With more new offerings coming courtesy of the Arctic Cat relationship, most notable of which is a markedly improved MTX mountain line; 2016 marks a return of technology coming direct from Japan, with new suspensions, engine technology, and upgraded models.
SingleShot Rear – This year brings proof that Yamaha won’t be content to just sit back and enjoy the rewards the partnership with Arctic Cat has brought them to this point. One such item is the new rear suspension dubbed the SingleShot in 129-inch and 146-inch lengths. The rather conventional looking skidframe replaces the much heavier Mega Float that was found in select Japanese born models. The new suspension is 10-pounds lighter than its predecessor in 129-inch trim (versus the 128 Mega Float) and 9-pounds lighter in the 146 length (versus the 136 Mega Float). The SingleShot is still a single shock design, hence the name, and features a new FOX Float 3 XV shock. The XV stands for Xtra Volume (think of it as a much bigger EVOL chamber). The suspension also touts a traditional front and rear arm, a ratio pull rod, and standard coupling blocks. Our first rip on the new skid was rewarded with much improved ride quality, control, and was less prone to the unexpected harsh bottoming the Mega Float was known for.
YCCT Engine Management System – Another area where Yamaha spent some significant time and resources was under the hood of the Venture and Vector models. The mid-performance 1049cc engine received a host of upgrades including a new crank, pistons, connecting rods and optimization of castings in an effort to improve the already smooth power characteristics of this three-cylinder gem. These changes aside, the biggest news comes in what Yamaha is calling their Chip Controlled Throttle or YCCT. This throttle-by-wire system employs three user controlled operating modes – Entry, Touring and Sport. With a simple push of a gauge-mounted button, the system alters the performance characteristics, from gradual and predictable drive-away and limited top speed in Entry mode, to instant response and performance in the Sport mode. The system offers an ideal solution for rental owners or families looking for one sled that can do it all no matter the rider.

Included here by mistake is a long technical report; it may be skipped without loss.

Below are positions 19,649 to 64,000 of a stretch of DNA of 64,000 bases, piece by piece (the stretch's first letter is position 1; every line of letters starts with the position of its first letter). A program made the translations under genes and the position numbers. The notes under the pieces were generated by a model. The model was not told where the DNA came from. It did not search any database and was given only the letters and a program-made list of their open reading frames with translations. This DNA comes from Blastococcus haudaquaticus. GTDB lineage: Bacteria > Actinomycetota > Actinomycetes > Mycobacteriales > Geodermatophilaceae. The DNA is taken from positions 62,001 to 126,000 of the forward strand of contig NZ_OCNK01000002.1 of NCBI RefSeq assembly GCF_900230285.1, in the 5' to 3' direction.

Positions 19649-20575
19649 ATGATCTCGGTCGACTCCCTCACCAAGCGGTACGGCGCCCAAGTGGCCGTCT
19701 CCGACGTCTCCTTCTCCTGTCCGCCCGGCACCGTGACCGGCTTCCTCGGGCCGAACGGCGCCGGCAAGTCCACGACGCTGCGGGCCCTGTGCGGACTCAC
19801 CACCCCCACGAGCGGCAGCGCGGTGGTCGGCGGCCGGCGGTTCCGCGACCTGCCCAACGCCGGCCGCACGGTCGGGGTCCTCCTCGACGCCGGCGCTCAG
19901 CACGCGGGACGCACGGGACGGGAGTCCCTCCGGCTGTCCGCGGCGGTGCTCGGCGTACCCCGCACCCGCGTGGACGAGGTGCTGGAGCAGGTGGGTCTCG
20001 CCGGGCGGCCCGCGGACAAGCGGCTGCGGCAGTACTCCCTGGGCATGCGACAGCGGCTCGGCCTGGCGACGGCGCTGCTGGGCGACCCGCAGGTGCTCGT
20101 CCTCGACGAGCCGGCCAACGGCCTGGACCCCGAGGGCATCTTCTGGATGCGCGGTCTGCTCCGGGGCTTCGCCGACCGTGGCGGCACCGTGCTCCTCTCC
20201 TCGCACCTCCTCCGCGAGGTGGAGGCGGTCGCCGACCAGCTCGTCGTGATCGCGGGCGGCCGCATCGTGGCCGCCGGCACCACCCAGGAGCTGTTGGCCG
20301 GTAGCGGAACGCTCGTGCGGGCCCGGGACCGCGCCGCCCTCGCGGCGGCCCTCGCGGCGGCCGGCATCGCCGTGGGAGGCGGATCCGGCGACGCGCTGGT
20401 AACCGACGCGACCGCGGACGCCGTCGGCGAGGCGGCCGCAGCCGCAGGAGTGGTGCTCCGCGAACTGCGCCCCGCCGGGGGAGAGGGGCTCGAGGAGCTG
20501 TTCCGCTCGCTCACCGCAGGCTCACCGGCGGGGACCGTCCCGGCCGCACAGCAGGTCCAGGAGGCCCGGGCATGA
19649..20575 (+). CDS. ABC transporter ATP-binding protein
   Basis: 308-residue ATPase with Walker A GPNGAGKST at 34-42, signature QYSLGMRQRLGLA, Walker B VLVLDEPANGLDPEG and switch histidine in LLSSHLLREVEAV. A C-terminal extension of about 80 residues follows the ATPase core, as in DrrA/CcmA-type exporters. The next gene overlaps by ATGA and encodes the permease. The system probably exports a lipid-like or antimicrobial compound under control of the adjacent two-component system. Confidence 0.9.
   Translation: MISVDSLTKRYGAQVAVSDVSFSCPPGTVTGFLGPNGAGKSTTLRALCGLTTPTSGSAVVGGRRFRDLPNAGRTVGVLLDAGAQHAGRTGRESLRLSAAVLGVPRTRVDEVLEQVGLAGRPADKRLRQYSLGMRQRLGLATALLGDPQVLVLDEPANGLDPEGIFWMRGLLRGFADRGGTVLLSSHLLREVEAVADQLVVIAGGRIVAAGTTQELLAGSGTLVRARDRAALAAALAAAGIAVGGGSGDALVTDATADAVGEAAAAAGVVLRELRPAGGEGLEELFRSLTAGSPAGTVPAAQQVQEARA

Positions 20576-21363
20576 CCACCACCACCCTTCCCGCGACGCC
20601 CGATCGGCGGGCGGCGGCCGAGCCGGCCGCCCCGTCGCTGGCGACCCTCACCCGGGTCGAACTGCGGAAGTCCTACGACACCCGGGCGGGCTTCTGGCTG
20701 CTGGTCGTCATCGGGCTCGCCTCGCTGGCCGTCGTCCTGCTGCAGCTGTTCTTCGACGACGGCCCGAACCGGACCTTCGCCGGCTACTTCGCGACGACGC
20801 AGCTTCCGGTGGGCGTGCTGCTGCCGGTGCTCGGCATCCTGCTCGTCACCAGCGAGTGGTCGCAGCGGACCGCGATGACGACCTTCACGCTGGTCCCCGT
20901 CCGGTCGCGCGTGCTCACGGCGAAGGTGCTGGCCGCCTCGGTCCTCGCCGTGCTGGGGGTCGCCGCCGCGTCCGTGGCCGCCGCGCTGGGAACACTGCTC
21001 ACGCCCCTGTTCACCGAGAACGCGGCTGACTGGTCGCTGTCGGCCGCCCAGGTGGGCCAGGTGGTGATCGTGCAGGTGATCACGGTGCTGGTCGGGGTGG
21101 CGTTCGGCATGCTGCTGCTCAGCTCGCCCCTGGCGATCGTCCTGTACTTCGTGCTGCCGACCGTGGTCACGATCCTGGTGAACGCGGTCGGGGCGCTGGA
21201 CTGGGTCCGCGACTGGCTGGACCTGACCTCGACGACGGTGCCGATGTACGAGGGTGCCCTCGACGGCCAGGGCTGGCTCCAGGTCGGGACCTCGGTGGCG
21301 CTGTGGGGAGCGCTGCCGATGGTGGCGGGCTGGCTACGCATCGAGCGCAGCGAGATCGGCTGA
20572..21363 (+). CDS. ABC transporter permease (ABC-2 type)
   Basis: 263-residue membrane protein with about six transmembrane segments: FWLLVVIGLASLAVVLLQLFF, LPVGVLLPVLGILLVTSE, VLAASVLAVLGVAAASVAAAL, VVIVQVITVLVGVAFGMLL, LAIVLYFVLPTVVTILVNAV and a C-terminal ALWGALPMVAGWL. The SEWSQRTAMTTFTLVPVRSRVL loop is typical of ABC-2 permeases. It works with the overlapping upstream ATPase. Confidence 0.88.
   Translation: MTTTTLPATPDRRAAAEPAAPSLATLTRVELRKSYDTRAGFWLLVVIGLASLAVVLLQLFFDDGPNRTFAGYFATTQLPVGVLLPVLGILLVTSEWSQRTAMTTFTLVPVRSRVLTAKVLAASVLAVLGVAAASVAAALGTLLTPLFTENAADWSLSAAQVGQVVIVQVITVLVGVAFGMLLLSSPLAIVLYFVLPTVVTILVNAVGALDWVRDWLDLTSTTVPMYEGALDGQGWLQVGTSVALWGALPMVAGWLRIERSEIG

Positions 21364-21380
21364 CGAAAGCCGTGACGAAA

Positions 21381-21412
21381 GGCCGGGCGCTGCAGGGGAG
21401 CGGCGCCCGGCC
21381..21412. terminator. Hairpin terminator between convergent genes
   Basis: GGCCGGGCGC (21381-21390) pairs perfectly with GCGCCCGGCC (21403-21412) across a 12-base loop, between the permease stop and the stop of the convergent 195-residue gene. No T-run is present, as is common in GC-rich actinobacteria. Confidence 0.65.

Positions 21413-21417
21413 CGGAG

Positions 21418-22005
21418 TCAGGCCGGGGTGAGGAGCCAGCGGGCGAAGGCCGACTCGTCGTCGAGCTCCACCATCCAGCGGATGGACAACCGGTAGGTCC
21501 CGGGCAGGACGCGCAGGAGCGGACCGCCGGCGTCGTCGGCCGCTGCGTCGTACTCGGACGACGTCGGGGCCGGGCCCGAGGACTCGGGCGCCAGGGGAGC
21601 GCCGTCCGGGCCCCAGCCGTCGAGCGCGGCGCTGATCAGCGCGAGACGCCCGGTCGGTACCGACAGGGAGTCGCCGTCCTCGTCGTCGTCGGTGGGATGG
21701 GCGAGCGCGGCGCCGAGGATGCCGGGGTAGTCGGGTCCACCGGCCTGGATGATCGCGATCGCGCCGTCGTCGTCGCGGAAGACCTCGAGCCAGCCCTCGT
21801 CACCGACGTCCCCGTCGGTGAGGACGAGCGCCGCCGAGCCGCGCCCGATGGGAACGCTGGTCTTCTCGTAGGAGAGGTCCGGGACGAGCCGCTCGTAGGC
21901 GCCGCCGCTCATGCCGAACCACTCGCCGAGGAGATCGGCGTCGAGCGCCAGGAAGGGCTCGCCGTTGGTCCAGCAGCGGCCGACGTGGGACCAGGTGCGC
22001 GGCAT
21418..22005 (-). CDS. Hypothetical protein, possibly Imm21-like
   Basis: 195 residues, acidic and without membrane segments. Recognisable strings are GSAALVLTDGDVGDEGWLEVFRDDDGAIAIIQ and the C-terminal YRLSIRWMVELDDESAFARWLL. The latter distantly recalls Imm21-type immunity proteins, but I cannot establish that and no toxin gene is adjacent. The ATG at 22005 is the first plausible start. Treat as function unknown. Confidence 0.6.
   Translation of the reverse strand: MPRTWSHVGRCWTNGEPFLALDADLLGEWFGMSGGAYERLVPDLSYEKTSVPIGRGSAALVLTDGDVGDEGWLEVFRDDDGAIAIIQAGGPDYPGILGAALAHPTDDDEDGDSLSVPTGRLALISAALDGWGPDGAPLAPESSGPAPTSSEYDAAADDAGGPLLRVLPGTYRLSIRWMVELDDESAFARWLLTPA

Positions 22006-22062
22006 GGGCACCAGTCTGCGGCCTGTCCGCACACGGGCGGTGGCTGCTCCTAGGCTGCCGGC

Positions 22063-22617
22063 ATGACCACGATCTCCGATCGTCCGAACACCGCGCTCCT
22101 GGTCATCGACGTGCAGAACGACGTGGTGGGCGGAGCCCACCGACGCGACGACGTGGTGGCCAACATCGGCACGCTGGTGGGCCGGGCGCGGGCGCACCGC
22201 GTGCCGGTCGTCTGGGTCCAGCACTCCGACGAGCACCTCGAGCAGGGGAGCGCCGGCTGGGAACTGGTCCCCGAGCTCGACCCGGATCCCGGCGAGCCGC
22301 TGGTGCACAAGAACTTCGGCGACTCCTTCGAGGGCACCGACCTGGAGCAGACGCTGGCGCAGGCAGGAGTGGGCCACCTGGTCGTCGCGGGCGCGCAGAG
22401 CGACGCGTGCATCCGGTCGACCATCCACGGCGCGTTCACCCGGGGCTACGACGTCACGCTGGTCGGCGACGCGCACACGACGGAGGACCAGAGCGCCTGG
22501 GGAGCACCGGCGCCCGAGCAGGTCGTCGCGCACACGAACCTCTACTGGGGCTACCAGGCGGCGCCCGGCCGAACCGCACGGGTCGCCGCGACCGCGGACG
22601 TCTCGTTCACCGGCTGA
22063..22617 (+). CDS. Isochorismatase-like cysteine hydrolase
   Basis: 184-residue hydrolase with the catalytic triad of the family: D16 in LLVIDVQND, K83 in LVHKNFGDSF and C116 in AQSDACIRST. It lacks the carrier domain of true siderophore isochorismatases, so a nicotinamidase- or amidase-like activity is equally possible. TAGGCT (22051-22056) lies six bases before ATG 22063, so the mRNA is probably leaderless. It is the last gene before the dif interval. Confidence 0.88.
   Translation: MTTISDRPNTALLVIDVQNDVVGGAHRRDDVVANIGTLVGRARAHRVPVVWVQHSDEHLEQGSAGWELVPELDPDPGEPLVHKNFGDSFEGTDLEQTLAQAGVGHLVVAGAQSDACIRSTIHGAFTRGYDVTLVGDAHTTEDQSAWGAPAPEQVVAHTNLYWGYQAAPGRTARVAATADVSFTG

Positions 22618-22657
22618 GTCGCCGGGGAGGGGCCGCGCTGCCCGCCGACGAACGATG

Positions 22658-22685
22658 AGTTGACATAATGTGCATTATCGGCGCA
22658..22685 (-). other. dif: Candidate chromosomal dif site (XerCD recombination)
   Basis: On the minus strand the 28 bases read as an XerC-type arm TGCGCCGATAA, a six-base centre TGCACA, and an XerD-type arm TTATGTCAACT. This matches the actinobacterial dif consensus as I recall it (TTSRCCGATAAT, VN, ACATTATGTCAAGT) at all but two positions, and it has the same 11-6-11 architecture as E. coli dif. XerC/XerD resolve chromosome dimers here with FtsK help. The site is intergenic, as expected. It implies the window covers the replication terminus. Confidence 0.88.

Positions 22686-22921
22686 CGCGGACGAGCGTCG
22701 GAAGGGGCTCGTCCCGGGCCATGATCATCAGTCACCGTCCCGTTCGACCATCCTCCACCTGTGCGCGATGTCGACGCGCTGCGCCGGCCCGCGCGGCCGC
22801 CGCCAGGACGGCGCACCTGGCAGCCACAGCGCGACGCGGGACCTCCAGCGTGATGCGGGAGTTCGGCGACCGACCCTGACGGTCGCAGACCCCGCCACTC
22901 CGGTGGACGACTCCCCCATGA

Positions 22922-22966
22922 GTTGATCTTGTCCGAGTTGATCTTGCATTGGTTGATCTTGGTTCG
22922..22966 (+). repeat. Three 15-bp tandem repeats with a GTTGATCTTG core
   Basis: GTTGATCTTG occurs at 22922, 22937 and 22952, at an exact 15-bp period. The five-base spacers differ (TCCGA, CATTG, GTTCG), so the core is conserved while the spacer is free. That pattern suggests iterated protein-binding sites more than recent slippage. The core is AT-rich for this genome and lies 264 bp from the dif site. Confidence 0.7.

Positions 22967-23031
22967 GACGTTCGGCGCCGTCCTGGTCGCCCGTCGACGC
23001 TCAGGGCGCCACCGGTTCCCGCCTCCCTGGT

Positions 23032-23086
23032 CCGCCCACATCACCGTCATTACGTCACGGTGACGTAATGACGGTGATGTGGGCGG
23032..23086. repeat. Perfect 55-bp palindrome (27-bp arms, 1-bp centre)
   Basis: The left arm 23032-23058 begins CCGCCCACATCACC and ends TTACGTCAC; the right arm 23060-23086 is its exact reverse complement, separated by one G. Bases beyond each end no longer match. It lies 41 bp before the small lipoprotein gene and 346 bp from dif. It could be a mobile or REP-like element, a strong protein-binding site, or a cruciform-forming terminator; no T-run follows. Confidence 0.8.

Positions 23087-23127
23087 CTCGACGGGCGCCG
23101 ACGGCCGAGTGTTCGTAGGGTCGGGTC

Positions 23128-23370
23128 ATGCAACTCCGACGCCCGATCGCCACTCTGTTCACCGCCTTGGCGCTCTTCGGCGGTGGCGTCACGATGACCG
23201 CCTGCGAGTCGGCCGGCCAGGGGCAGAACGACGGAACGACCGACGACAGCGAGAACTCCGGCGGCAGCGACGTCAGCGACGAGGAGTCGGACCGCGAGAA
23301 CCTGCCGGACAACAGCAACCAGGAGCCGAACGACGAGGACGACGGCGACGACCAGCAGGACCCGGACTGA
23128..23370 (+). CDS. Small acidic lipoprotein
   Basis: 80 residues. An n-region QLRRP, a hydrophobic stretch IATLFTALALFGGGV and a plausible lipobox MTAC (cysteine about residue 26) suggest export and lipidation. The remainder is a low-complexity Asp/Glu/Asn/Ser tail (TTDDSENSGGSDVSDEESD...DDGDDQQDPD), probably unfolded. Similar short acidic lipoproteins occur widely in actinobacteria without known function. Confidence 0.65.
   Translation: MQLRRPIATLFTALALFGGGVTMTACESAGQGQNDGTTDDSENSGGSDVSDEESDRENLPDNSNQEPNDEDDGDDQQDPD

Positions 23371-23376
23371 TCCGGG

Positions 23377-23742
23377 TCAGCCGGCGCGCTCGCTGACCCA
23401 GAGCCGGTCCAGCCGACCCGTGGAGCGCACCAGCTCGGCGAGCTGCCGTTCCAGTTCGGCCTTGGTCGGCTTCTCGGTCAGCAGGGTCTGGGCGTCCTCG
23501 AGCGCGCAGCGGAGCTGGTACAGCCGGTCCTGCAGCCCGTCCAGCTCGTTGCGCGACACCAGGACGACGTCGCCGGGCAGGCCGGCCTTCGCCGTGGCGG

SRV-M Front Suspension – It’s no surprise the biggest news in the Yamaha camp for 2016 comes in the mountain segment where every manufacturer is looking to capture a bigger chunk of the red-hot segment. After finally getting a mountain Viper last season, Yamaha (along with Arctic Cat) tweaked the design for improved deep snow performance. The new front suspension features a more narrowed stance, and compact and narrow spindles that look to reduce drag and keep most front suspension components inside the confines of the cowling. What’s more, the design sheds about 2.4-pounds and incorporates 10-degrees more caster. This increase in caster allows the ski to “turn up” more when turning into the hill while sidehilling thereby making the vehicle hold the line with greater ease and precision. When joined by the new wider and lighter mountain ski, the system offers up greater width adjustability as well, ranging from 34.5-inches to a maximum of 38.5-inches from center-to-center.